Celebrate the origins of Yuletide traditions when the Lake Michigan College Mendel Center welcomes the Baltimore Consort at 7:30 p.m. Friday, Dec. 1, in Grand Upton Hall.
With its festive cornucopia of instruments – lute, cittern, viols, crumhorns, recorders, rebec, and percussion – the Baltimore Consort offers old carols and dance tunes from the British Isles, Germany, France, Spain, and the New World during their presentation of Wassail, Wassail! Music for the Yuletide Season.
Founded in 1980 to perform the instrumental music of Shakespeare’s time, the Baltimore Consort has explored early English, Scottish, and French popular music, focusing on the relationship between folk and art, song and dance. An interest in early music of English/Scottish heritage has also led these world-class musicians to delve into the rich trove of traditional music preserved in North America.
Recordings on the Dorian label have earned the Baltimore Consort recognition as Top Classical-Crossover Artist of the Year (Billboard), as well as rave reviews elsewhere. Besides touring in the U.S. and abroad, the group has often performed on such syndicated radio broadcasts as “St. Paul Sunday,” “Performance Today,” “Harmonia,” and the CBC’s “OnStage.”
The origins of wassail
Wassail comes to us through the centuries with more than one meaning. Among them are: a toast to good health, a holiday beverage, and a predecessor to modern-day caroling. Its origins are felt to be traced to the Anglo-Saxon words “waes hael,” often used as a toast meaning “to your health.”
As traditions and practices surrounding the darkest days of winter evolved, a hard cider-based beverage used for toasting on Twelfth Night (most closely approximating our New Year’s Eve) grew to be known as wassail. In wealthier households of the time, wassail wasn’t only saved for one day. It was routinely enjoyed each day of the 12-day Yule festival – from the winter solstice through the early days of January.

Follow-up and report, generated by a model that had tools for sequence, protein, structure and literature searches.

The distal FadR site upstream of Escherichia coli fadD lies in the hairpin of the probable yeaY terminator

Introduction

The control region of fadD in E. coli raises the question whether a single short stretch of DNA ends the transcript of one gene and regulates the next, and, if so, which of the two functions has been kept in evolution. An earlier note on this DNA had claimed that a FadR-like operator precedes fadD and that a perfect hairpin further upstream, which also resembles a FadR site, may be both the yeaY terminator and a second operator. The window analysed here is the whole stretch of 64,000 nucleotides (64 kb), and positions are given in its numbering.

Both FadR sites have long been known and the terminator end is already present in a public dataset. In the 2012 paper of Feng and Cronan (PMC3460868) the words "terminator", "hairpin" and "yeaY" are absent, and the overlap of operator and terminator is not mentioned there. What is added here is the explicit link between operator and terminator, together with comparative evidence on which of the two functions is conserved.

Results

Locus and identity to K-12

At the same time, peasants would revel in the streets, going from one wealthy home to the next, asking for food and libations in exchange for a song. This became known as wassailing.
Eventually, the Twelfth Night tradition evolved into the feast of Epiphany, traditionally celebrating the arrival of the Magi to see the newborn baby Jesus. The practice of wassailing was spruced up in the 19th century by authors like Charles Dickens, being recast as the wholesome practice known today as caroling.
As part of the Mendel Center’s holiday season celebration, a special mix of Mendel Center Wassail, made with Lake Michigan Vintners cider, will be served as part of the cash bar.
Tickets for the Baltimore Consort present Wassail, Wassail! Music for the Yuletide Season are $40 for theatre-style seating and $60 for table seating. They may be purchased at www.TheMendelCenter.com/events and through the Mendel Center box office at 269-927-8700 option 1 or in person weekdays from noon – 2 p.m. and 4 – 6 p.m. The box office is also open two hours before the show. On the day of the Baltimore Consort performance, the box office will be open in the Grand Upton Hall lobby.
This activity is supported in part by the Michigan Arts and Culture Council.